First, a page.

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FHWA > Engineering > Hydraulics > HEC 15 
Design of Roadside Channels with Flexible Linings

(F.1) 
where,
τ_{e}  = effective shear stress on the soil surface, N/m^{2} (lb/ft^{2}) 
m  = rate of shear transmission 
τ_{d}  = applied (design) shear at the surface of the lining, N/m^{2} (lb/ft^{2}) 
τ_{c}  = shear at which the soil surface is first mobile (i.e. critical shear), N/m^{2} (lb/ft^{2}) 
The critical shear value, τ_{c}, is for the soil type described in testing procedure ASTM D 6460.
Laboratory testing (McWhorter et al., 1968; Sanders, et al., 1990; Israelsen, et al., 1991; Northcutt, 1996; Robeson, et al. 2003) has shown that the rate of soil loss remains nearly constant and does not change with increasing shear stress over a wide range of applied shear stress. Data from Robeson, et al. (2003) is presented in Figure F.1 and shows this linear relationship for four lining types.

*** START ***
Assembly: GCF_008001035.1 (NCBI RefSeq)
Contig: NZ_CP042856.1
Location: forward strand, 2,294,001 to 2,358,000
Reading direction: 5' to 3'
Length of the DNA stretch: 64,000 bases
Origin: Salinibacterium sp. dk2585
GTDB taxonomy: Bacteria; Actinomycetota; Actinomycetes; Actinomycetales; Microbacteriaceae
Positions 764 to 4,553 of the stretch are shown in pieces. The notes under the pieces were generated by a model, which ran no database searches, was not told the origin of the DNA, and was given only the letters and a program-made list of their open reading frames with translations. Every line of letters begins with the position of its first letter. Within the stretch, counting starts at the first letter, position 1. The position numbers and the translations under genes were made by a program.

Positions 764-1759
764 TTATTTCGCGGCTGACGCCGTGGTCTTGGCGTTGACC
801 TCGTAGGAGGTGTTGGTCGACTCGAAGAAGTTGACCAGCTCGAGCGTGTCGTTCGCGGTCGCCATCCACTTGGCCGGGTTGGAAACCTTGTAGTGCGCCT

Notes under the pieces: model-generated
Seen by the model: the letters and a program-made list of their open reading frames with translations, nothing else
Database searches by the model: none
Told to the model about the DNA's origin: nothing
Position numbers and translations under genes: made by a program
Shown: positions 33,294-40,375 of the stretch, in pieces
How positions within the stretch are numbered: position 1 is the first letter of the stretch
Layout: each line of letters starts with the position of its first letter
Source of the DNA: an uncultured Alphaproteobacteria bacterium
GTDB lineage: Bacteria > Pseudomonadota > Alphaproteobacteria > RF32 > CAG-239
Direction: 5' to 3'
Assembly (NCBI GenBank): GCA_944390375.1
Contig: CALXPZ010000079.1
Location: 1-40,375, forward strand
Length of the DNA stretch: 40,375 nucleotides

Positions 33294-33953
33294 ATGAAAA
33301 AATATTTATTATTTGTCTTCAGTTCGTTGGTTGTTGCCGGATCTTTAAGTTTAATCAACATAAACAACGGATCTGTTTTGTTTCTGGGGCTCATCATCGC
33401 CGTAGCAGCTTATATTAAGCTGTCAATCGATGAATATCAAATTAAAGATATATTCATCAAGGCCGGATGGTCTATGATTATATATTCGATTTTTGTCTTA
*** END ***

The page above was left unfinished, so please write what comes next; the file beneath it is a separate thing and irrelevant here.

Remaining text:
Figure F.1. Soil Shear versus Applied Shear to the Manufactured Lining
For a wide range of product types, the critical shear and the rate of shear transmission is directly related to the applied shear on the lining at cumulative soil erosion of 12.7 mm (0.5 in) over 30 minutes for a specified soil type in accordance with the ASTM D 6460. This shear value is referred to as the lining shear, τ_{l}. (Note, the lining shear should be determined by testing under the same conditions as recommended by the manufacturer, i.e. stapling pattern, check slots, etc.)
As would be expected the critical shear on the lining is just a linear extrapolation from τ_{l}.
(F.2) 
where,
τ_{l}  = applied shear (lining shear) at a cumulative erosion of 12.7 mm (0.5 in), N/m^{2} (lb/ft^{2}) 
Likewise, the rate of shear transmission correlates to:
(F.3) 
where,
α  = unit conversion constant, 6.5 (SI), 0.14 (CU) 
Combining Equation F.2 and Equation F.3 with Equation F.1 gives:
(F.4) 
Comparison to data presented in Robeson, et al. is shown in Figure F.2.
Figure F.2. Effective Shear on the Soil for Four RECP Linings